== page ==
like many other good men (and women), he may have been filled with overwhelming despair and rage at the way his country has been led. George Orwell (1903-1950), author of 1984, lived long enough to see that the political philosophies of the left and the right lead, ironically, to the same end: namely tyranny. There wasn’t that much difference between Hitler and Stalin. Both exercised total control, and murdered millions in pursuit of what they perceived to be the public good. And in 1984 Orwell tried to warn the people of the remaining democracies about what it would mean to allow such forces to take over the state. Rightly or wrongly, my take on The Pains is that John Sundman is seeking to make a similar point. His third novel constitutes a dreadful warning of what will become of us if we allow the situation to go unchecked. (I use the word dreadful in its proper sense, i.e. it is filled with dread.) As a result, readers of The Pains are likely to find a key question arising in their minds: What are we going to do about the current state of affairs? It is, of course, much easier to do nothing. But, as Edmund Burke pointed out, ‘For evil to triumph, it is only necessary for good men to do nothing.’ And many of us have been doing nothing for quite a long time now. If I seem, in the course of this review, to be implicitly critical of the US government, that’s because Mr Sundman is an American, and he writes about ‘Freemerica’. But the situation is exactly the same in the UK, and, I dare say, in most other ‘free’ societies. In the UK, for instance, we have a government in power which, during the last 12 years, has lied to us constantly, consistently, and shamelessly. When caught out in its lies, which it frequently is, it betrays not a hint of embarrassment or regret. And freedom evaporates daily in a mass of worthless legislation which makes it ever easier for the government to exercise control. Ever since the French Revolution there has been a battle raging, particularly in Europe and North America, between the forces of freedom and tyranny. And freedom is losing. Perhaps that wouldn’t matter very much if those who are voted into power, or take power unto themselves, were halfway competent. But they aren’t. Witness the collapse of the world’s financial system. Perhaps it is time to stop being discursive and say that The Pains is a pretty good narrative read, and it holds the attention throughout. It can be read with enjoyment without reference to any deeper meanings and implications. But by my reading The Pains also touches upon the key issues of our time: it is a book which is philosophical to the point of being mystical. Its central question is, how do we rescue a soul gone bad? And the soul which has gone bad is that of Freemerica; upon the fate of which, like it or not, the rest of us largely depend. Note: You can read the full text of The Pains online, under a Creative Commons licence.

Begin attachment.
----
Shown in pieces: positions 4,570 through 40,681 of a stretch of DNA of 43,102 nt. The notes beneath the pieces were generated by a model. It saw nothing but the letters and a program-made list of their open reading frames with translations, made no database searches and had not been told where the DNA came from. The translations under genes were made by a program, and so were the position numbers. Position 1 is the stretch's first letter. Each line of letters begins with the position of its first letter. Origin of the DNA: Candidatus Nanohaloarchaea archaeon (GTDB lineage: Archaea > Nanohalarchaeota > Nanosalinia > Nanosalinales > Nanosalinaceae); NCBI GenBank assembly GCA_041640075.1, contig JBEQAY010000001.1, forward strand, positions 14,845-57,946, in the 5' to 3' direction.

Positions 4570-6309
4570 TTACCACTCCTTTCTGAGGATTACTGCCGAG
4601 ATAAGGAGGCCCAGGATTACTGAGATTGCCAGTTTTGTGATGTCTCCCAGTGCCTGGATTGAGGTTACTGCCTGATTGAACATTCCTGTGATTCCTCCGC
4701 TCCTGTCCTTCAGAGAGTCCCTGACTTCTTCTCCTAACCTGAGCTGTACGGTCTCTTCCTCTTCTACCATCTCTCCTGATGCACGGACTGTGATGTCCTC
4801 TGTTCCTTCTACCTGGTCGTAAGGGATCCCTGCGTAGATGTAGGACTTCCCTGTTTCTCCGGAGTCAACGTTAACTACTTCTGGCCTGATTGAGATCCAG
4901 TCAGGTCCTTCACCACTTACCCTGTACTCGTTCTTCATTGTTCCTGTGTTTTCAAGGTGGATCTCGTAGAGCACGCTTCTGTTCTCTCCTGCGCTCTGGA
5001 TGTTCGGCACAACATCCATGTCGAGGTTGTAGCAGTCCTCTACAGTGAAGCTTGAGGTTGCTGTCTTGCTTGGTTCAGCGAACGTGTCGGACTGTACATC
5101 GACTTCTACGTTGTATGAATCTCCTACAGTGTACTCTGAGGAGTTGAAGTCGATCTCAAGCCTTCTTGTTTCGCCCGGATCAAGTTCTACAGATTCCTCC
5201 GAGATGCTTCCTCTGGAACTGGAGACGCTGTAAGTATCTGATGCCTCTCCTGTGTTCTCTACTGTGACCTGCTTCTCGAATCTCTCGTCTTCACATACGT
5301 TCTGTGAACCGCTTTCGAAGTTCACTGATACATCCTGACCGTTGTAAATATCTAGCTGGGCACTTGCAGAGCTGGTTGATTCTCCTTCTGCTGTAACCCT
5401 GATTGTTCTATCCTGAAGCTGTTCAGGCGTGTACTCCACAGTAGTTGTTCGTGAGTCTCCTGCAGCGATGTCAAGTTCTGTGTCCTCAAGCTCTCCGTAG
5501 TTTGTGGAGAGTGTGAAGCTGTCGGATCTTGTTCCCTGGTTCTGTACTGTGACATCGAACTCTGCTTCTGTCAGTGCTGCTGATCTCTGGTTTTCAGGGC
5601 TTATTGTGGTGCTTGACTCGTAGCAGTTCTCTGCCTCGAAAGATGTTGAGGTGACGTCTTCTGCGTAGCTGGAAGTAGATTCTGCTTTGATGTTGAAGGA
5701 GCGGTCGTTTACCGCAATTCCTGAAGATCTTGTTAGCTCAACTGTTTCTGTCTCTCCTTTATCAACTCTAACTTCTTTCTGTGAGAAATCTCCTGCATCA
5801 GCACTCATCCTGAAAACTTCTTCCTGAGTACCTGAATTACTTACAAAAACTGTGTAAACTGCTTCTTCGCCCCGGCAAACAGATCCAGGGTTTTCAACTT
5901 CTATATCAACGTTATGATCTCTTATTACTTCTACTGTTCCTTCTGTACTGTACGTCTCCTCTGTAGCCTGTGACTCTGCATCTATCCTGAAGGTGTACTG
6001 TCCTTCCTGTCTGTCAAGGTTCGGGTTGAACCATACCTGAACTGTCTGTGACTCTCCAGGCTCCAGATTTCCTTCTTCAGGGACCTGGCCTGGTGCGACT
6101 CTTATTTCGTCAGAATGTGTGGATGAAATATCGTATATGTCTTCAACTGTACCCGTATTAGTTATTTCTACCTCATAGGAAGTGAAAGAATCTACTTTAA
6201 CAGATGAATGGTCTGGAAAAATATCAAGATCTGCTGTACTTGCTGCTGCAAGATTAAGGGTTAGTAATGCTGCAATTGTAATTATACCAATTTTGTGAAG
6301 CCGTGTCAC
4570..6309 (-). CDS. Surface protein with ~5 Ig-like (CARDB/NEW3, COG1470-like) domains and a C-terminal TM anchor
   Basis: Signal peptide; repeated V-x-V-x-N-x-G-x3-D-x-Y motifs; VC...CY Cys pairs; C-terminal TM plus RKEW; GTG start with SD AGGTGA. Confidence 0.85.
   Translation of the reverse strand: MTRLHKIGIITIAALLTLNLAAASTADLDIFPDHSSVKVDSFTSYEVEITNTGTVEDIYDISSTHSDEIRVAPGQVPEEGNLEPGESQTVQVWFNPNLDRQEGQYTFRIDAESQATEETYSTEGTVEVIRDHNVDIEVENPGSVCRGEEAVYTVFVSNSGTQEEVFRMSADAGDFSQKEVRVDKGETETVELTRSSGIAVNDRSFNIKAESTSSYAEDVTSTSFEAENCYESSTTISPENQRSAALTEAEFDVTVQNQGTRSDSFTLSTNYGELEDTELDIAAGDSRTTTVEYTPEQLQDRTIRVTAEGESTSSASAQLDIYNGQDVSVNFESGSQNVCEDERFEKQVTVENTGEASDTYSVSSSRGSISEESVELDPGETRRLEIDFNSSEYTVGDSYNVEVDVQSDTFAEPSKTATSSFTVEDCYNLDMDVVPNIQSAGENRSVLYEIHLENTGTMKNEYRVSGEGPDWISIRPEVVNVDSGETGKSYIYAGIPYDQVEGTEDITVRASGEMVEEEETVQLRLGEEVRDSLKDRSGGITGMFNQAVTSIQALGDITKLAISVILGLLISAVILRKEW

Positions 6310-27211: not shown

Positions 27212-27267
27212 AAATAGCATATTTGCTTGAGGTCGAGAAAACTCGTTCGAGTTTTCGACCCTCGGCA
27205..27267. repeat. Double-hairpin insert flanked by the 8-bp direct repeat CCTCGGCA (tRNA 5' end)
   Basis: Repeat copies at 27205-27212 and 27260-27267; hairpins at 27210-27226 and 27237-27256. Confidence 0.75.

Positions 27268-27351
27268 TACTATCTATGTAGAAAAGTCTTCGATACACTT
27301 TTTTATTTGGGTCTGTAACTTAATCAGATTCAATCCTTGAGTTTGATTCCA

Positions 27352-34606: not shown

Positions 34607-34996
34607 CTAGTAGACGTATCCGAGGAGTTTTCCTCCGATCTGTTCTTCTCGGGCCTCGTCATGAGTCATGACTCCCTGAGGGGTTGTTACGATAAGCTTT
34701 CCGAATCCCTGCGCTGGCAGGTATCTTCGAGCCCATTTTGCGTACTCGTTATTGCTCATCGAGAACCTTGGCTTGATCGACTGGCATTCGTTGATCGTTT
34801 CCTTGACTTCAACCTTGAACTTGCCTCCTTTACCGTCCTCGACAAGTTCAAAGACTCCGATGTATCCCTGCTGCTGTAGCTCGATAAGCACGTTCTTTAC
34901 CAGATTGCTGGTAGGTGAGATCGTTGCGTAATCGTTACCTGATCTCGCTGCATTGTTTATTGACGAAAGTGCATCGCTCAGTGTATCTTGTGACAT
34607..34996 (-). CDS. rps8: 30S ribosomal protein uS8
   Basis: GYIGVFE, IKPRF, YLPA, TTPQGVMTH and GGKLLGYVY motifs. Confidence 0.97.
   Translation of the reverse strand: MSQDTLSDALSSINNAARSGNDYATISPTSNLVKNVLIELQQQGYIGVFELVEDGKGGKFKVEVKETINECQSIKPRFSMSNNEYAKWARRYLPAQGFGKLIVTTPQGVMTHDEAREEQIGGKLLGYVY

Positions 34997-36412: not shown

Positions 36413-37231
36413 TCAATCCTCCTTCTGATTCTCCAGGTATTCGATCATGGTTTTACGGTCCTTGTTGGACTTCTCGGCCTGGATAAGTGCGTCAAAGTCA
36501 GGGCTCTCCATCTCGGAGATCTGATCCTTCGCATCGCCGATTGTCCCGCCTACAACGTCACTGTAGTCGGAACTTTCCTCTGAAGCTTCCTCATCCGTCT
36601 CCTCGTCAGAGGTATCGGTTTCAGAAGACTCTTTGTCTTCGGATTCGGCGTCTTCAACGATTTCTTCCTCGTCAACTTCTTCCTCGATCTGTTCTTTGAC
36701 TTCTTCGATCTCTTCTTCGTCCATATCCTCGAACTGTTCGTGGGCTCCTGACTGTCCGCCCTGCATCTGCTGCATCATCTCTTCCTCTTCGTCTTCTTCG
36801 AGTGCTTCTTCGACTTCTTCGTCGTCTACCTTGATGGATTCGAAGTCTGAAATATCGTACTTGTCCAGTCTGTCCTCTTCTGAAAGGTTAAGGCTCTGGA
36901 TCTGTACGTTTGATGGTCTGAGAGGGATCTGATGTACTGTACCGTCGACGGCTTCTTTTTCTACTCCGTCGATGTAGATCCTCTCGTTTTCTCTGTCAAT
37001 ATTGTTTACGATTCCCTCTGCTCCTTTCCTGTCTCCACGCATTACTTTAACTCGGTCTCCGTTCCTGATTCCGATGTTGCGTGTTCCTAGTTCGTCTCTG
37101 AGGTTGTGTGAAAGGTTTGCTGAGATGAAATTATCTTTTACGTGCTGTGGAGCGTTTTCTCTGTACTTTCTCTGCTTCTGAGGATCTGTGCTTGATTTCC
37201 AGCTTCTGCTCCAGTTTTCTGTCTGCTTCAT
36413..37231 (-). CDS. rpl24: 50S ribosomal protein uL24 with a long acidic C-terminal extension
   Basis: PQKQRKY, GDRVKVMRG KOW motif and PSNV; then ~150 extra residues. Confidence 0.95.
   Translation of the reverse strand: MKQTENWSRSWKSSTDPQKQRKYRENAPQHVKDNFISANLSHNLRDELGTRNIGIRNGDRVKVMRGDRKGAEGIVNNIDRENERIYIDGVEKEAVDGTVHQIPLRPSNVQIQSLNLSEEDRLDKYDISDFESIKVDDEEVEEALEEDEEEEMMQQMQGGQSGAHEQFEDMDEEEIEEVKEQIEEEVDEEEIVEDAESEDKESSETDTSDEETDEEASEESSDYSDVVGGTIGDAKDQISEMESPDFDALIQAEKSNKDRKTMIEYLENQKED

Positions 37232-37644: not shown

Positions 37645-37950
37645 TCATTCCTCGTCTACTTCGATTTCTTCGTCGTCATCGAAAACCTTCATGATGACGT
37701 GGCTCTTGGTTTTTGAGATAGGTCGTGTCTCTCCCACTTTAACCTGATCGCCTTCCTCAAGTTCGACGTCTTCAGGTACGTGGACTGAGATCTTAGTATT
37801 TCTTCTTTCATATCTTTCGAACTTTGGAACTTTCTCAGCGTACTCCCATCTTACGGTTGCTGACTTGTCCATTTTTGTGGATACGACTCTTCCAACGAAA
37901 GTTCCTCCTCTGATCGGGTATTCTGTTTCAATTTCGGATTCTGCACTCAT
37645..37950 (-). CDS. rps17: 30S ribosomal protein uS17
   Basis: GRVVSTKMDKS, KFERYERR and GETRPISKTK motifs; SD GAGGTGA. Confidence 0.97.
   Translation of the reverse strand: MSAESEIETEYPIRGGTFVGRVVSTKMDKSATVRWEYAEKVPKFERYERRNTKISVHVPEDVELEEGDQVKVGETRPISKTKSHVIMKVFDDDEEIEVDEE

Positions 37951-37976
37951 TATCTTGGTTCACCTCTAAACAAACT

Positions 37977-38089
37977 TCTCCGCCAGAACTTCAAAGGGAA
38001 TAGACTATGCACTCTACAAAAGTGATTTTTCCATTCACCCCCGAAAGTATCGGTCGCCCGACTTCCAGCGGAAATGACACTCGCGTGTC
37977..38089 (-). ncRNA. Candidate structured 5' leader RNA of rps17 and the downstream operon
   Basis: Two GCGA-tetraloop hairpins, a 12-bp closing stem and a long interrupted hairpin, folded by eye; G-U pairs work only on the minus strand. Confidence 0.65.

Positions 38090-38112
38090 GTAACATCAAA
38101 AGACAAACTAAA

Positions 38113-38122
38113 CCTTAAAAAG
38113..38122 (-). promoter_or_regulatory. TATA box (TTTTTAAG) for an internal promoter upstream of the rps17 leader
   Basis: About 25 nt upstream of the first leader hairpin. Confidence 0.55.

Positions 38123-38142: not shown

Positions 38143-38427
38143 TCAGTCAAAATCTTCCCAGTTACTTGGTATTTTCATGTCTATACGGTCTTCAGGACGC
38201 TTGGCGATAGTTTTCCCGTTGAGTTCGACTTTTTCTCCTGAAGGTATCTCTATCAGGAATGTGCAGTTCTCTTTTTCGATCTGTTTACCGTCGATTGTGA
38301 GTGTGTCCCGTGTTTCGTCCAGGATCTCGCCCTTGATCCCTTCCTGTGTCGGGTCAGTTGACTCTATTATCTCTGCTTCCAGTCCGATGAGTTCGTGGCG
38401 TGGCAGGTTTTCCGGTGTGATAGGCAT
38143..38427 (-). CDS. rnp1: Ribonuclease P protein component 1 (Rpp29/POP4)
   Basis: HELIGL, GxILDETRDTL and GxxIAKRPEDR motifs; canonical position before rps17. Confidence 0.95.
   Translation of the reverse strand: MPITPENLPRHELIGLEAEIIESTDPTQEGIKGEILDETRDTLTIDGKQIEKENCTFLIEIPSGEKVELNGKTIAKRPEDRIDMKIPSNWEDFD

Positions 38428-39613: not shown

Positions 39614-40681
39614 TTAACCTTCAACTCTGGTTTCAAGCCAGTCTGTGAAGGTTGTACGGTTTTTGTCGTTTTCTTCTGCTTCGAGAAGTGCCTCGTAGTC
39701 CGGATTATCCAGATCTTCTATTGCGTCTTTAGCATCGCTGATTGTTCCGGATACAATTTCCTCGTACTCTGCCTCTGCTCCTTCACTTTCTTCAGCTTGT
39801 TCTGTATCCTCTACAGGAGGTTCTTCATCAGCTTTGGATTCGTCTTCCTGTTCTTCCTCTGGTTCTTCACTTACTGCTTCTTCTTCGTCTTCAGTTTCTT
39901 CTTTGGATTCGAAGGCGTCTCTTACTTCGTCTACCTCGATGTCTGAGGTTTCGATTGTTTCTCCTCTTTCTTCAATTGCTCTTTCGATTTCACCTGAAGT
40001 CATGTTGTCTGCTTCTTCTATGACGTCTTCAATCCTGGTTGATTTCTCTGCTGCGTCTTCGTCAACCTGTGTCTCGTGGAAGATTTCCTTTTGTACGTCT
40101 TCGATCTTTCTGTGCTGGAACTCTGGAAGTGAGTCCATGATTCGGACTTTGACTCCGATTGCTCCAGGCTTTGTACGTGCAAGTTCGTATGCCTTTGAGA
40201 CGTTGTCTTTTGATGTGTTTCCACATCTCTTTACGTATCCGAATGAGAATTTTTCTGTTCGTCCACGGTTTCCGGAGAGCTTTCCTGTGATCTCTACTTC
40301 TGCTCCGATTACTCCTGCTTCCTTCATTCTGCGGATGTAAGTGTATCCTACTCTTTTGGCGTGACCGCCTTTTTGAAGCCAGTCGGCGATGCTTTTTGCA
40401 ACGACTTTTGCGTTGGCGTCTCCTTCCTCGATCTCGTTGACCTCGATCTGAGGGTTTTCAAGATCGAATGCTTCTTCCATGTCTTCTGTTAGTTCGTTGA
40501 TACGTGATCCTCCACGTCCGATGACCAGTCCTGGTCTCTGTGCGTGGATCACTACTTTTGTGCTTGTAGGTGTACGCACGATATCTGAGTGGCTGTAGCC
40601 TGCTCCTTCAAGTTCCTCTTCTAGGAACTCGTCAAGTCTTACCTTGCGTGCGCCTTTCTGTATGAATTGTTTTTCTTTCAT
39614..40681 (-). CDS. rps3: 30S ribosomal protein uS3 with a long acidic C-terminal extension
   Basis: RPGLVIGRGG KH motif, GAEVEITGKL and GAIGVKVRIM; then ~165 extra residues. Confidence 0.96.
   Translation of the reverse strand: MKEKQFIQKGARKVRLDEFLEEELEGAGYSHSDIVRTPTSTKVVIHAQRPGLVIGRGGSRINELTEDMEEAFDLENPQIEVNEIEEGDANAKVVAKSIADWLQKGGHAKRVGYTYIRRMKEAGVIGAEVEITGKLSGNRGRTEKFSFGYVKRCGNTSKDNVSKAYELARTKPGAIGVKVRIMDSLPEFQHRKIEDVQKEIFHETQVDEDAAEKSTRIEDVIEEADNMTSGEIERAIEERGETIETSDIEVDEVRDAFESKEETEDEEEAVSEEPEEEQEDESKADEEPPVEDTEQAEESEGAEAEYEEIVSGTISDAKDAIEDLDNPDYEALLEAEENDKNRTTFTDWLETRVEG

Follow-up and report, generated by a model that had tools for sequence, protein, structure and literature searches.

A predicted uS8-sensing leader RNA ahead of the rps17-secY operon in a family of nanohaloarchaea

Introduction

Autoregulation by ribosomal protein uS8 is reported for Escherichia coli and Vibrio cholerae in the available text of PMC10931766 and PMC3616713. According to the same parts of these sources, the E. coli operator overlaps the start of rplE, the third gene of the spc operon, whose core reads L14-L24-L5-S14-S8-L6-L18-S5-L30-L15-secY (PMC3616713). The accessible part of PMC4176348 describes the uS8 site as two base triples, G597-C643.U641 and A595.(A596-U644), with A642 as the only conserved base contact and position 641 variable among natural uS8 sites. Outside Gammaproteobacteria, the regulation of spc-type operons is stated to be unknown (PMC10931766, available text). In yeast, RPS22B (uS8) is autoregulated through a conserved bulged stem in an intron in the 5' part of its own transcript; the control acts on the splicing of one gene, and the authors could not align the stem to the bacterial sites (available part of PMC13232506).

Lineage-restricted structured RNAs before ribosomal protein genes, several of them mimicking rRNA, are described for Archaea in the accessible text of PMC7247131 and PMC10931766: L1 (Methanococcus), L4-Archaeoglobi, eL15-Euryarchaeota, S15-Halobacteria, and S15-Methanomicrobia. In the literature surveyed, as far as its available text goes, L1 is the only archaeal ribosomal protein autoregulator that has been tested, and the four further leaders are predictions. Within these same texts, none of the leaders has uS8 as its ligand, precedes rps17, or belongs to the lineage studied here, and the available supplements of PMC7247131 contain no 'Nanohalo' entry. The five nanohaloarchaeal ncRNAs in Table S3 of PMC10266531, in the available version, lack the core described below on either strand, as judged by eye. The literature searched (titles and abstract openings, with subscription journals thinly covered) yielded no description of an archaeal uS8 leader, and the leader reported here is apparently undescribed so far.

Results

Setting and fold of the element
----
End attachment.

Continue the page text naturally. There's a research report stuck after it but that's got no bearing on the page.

Acts of the Apostles by John F.X. Sundman Reviewed 24 May 2006 On 1 May of this year I mentioned the name of John F.X. Sundman, and said that I had read chapter 1 of his Acts of the Apostles online. I then took the liberty of suggesting how that first chapter might have been improved. Well, I hereby apologise. In fact I grovel. I have now bought, with my own money, a copy of the entire book, and I'm glad I did. Having read it, I can tell you that this is a deeply impressive novel, especially as it seems to have been the author’s first, and I can assure you that John Sundman needs no advice from me, or from anyone else, on how to construct an effective book. I see from John’s wetmachine web site that the print version of Acts of the Apostles was self-published, and that it won the Writers Digest National Selfpublished Book award in 2001. I’m not surprised. If you want to categorise this novel, I would have to call it a science-fiction thriller. John is a very experienced software man, having been at one time the chair of the software development architecture team of Sun Microsystems, and he has won a couple of awards in the IT field. So it is obvious that he understands the digital world and has a good insight into other recent developments, e.g. in biotechnology. Furthermore, he can write. (In the acknowledgements he says that Joe Regal, the literary agent, taught him.) This is nearly always a formidable combination. I am reluctant to go into too much detail on the plot. It’s complicated, and plot summaries are always unsatisfactory. Let’s just say that this novel is set in the mid 1990s, and that it concerns the use and abuse of technology. There are good guys and bad guys. One reader has said that the book is actually about Kaczynsky’s Postulate: that technology and freedom cannot be reconciled. In this case, one group tries to advance technology – specifically, nanotechnology – in ways which will more or less eliminate freedom. I have sometimes expressed the view that writers really shouldn’t worry about how their work will be viewed in the future. Just making the bloody book work in the present is enough of a problem for most people. However, I have the very definite feeling that this is a book which will be read in 50 or 100 years from now, in the way that we now read books such as The War of the Worlds, 1984, and Brave New World. People will look at it and say – see, that is what they were worried about at the end of the twentieth century. How quaint! Alternatively, they may read it and say How prescient! Let’s hope it’s the former. From a reader’s point of view there are a few difficulties. The principal characters are nearly all young and involved in IT or science, and it is sometimes an effort to keep track of who is who. But as you get to know them better this becomes less of a problem. At page 218 I made the following note: This is a book that gets better as it